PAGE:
Once my brother and I left home for good—we were in and out for a few years—my mom decided she needed a parrot. Maybe she missed all the noise my brother and I generated, or maybe she just wanted to try something new. For whatever reason, she became the proud owner of an Amazon green parrot.
Julio became her baby, and she taught him how to talk. Under her tutelage, he gained an extensive vocabulary—for a parrot. She spoke to him all the time and played tapes for him when she left the house. Eventually, Julio returned the favor.
It was impressive, but he never made any sense. He was only capable of repeating what he heard. He would string words together in between bird noises and cackles, but they were random and undiscerning. Our fine feathered friend would sing and talk for attention or to be social.
One time a friend and I visited Mom. As we chatted at the kitchen table, my friend’s brow pinched, and she said almost in a whisper, “I could have sworn that bird asked if I wanted some apple.” I assured her that was what he said. Apple was one of his favorites, and Mama would often ask, “Want some apple?” On the other hand, Mama would also ask, “Wanna go to bed?” when she covered Julio’s cage with a towel for the night. It bothered her quite a bit that he might repeat that particular phrase when a repairman came to the house. But my favorite was when he would sing. Daddy, a die-hard country-western fan, would greet Mother and sing in a high falsetto, “Hey, hey, good lookin’.” Pretty soon, the bird sang it too. Daddy never had much to do with the bird, but his sole contribution caused hilarious moments.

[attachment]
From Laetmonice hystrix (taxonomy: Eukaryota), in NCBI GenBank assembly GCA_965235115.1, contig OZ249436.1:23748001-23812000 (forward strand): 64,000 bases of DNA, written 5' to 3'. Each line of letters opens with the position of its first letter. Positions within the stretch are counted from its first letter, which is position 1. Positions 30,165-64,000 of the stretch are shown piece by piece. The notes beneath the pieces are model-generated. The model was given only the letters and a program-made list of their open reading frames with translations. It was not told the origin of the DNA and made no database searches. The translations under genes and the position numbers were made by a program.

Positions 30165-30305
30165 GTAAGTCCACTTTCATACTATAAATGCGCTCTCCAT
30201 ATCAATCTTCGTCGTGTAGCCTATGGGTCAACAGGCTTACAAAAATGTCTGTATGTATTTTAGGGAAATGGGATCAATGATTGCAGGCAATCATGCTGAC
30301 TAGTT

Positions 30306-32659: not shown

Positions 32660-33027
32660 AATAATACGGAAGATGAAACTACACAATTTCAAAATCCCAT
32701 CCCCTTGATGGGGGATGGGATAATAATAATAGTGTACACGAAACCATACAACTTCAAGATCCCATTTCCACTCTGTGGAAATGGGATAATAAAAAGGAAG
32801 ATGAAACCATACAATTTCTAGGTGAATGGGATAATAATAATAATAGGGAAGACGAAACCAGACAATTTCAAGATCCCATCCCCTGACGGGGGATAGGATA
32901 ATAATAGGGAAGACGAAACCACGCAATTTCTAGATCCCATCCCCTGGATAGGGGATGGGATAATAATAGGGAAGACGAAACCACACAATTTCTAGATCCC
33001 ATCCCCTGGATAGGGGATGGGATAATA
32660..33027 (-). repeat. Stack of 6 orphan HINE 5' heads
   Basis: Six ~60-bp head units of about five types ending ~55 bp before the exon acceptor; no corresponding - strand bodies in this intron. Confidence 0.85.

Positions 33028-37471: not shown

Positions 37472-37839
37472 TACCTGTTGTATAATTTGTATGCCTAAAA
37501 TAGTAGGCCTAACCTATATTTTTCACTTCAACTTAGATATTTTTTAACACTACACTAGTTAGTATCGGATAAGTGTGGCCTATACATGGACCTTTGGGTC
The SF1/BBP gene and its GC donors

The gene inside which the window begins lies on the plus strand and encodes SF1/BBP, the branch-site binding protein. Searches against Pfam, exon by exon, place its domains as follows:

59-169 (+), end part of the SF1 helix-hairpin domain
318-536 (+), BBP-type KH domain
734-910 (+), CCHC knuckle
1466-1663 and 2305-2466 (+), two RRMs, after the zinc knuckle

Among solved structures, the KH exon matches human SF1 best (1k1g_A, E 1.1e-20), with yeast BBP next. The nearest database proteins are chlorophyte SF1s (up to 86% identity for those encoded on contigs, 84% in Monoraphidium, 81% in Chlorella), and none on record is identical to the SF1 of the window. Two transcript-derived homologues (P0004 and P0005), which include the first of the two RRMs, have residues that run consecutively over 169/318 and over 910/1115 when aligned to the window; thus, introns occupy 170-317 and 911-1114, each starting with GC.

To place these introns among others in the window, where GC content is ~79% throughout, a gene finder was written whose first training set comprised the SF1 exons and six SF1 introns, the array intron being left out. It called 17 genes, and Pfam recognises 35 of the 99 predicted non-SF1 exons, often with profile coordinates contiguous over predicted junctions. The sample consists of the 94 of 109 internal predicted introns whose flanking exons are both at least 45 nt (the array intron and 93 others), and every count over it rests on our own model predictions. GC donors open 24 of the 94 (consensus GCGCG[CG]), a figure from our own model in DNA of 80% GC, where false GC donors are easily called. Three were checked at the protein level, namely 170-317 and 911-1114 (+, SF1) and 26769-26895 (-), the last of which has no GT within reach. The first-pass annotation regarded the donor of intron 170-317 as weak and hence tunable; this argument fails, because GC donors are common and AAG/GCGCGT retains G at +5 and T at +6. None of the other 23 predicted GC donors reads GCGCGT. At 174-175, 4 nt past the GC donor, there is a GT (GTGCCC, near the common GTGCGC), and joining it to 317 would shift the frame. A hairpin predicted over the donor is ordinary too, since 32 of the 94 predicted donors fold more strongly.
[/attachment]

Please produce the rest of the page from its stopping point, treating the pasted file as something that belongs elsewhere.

However, for all his charm and accomplishments, Julio had his favorite people. I wasn’t one of them. I sounded like Mother, but he’d realize I wasn’t her when I got closer and get mad. Julio bit me twice that I can remember, once on my index finger, because he didn’t warm up to my friendly intentions. Another time, I was barefooted and had my feet wrapped around the legs of a chair. Julio was out of his cage, taking a stroll. He spotted my unprotected toe and clamped down hard. We had quite the squabble over that one. It didn’t surprise me much when a vet told Mom Julio should have been Julia, as “he” was female. That explained a lot.
Even though Mama loved that bird, they can live a frightfully long time. She eventually took him to a bird farm where we hoped he would sing and talk to his caretakers. The hours of pleasure he brought us needed to continue, even if it wasn’t at Mom’s house. Julio’s nonsense brought a lot of smiles. It was like a baby learning to talk and getting things all mixed up. But when he got mad, the same mouth that made us laugh could bite and bring tears.
It’s not so different with us. With our words, we can express kindness, thoughtfulness, and love. Or we can say ugly, critical comments and hurt people. The Apostle Paul said, “Let no unwholesome word proceed from our mouths, but only such words good for edification (building each other up) according to the need of the moment so that it will give grace to those who hear.” (Ephesians 4:29)
We’re in a better position than Julio. Parrots can only repeat words they hear, whereas we’re capable of thought. God gave us more than a bird brain, but if we don’t use it for good, we’re going to sound like Julio—
“I love you, mama, darlin’—hey, hey, good-lookin’—apple.”